35 hours in the saddle
12,000+m of climbing
705 km of riding
The Peaks Challenge Series pushes riders to their limits. It is an huge effort to train fro one Peaks Challenge, I can’t imagine the effort required to train and travel for the three of them. Not only that, the brownie points I would have to give up for these is beyond anything my brain could handle.
For those who have no family, if you complete all three (Falls Creek, Gold Coast and Cradle Mountain), you are given the opportunity to purchase a Peaks Elite 2015 jersey.
And on the subject of Peaks Challenge, the first of the trifecta on the Gold Coast last Saturday. Chapeau to all those who completed.
The Vuelta, arguably the best of the three Grand Tours, has almost snuck up on us.
The presence of all three riders from the Tour podium reaffirms the Vuelta’s growing importance in the peloton.
With Contador skipping his Vuelta defense after racing three consecutive grand tours dating back to the 2014 Vuelta, Alejandro Valverde was probably hoping for a clear shot at the red leader’s jersey. Quintana is also coming to the Vuelta, but the general plan was to ride for Valverde in the GC, with Quintana playing a low-pressure role as the joker. Froome’s presence could foil those plans, and perhaps put more pressure on Quintana to try to take on Froome yet again.
Others, such as Joaquim Rodríguez (Katusha), Tejay van Garderen (BMC Racing), and even riders like Domenico Pozzovivo (Ag2r La Mondiale) and Frank Schleck (Trek Factory Racing), will see their podium ambitions complicated by Froome.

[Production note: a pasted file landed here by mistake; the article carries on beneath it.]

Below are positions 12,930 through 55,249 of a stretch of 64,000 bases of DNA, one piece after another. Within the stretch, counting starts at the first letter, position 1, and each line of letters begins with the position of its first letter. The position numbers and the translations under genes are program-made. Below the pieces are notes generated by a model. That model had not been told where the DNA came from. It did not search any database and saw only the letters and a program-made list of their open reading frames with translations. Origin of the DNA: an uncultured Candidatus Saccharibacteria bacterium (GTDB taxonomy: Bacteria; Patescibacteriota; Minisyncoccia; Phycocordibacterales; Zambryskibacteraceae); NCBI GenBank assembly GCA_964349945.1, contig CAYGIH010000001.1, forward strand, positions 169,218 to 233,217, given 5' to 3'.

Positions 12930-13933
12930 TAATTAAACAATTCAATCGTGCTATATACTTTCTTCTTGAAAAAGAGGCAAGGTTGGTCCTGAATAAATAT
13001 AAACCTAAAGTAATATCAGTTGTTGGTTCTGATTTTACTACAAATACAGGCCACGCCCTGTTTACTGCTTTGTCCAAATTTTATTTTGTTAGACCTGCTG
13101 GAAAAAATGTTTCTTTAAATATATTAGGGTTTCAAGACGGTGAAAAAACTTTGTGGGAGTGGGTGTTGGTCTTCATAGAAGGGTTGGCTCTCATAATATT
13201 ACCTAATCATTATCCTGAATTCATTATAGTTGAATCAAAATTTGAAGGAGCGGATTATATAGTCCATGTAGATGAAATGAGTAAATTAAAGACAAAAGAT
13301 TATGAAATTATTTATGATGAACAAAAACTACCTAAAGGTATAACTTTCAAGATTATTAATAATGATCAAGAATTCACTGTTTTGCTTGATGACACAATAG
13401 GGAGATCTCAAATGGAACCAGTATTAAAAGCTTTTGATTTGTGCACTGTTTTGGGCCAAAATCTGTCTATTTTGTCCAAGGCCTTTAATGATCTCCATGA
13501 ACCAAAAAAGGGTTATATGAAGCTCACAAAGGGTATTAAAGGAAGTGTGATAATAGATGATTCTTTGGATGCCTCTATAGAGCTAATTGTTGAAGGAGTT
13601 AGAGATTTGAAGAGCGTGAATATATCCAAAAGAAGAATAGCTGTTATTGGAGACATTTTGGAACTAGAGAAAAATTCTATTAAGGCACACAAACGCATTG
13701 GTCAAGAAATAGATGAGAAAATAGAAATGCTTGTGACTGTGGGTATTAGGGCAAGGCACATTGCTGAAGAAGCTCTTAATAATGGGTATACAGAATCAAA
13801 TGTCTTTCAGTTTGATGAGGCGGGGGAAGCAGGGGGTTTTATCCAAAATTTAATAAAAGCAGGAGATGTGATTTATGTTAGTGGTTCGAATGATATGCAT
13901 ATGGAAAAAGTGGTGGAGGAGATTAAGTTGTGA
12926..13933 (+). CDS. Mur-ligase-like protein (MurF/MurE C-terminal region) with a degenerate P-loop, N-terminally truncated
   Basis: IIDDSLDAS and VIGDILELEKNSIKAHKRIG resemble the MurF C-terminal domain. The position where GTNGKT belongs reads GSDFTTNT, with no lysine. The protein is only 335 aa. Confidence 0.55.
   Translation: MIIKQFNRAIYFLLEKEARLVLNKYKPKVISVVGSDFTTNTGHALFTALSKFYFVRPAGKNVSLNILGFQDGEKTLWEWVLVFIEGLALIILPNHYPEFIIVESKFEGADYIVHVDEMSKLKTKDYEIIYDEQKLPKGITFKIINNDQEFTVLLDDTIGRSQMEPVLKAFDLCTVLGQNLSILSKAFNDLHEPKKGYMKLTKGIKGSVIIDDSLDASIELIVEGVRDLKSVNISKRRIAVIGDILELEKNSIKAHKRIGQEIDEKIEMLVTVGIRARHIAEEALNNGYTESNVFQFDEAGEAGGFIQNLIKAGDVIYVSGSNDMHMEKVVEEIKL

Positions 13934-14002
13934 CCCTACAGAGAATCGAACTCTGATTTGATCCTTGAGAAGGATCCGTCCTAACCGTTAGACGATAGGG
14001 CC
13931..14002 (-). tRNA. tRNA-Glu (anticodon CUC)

These are the seven stages promising, on paper at least, to be the more dramatic stages of this years Vuelta.
This years Vuelta features a number of coastal stages including the Costa del Sol, Costa Blanca and Costa del Azahar, as well as the Atlantic coast of Cantabria and Asturias. To keep things interesting for the climbers, all nine of the summit finishes in 2015 are new to the race!
The 7 stages to watch out for are highlighted in the stage discussions below:
Stage 1 – 1 Saturday 22nd August Puerto Banús – Marbella 7.4 km TTT
This first stage will depart from one of the most emblematic spots of the Costa del Sol and marks the beginning of three weeks of cycling that will take us all the way to Madrid.
Stage 2 Sunday 23 Alhaurín de la Torre – Caminito del Rey 165.0 km finish uphill
No gentle introduction to the Vuelta this year. No easy first week for the sprinters. After an initial team time trial, the Vuelta throws the peloton into the hills of Andalucía, including the first of the race’s nine summit finishes. While the climb up the spectacular Caminito del Rey (“King’s Pathway”) is only Cat. 3, and will be within the capabilities of those fast men that can climb—perhaps John Degenkolb or Michael Matthews—it sets the tone for what will be a very tough first week. And this area is not known as the Costa del Sol for nothing; Andalucía in August will be very, very hot!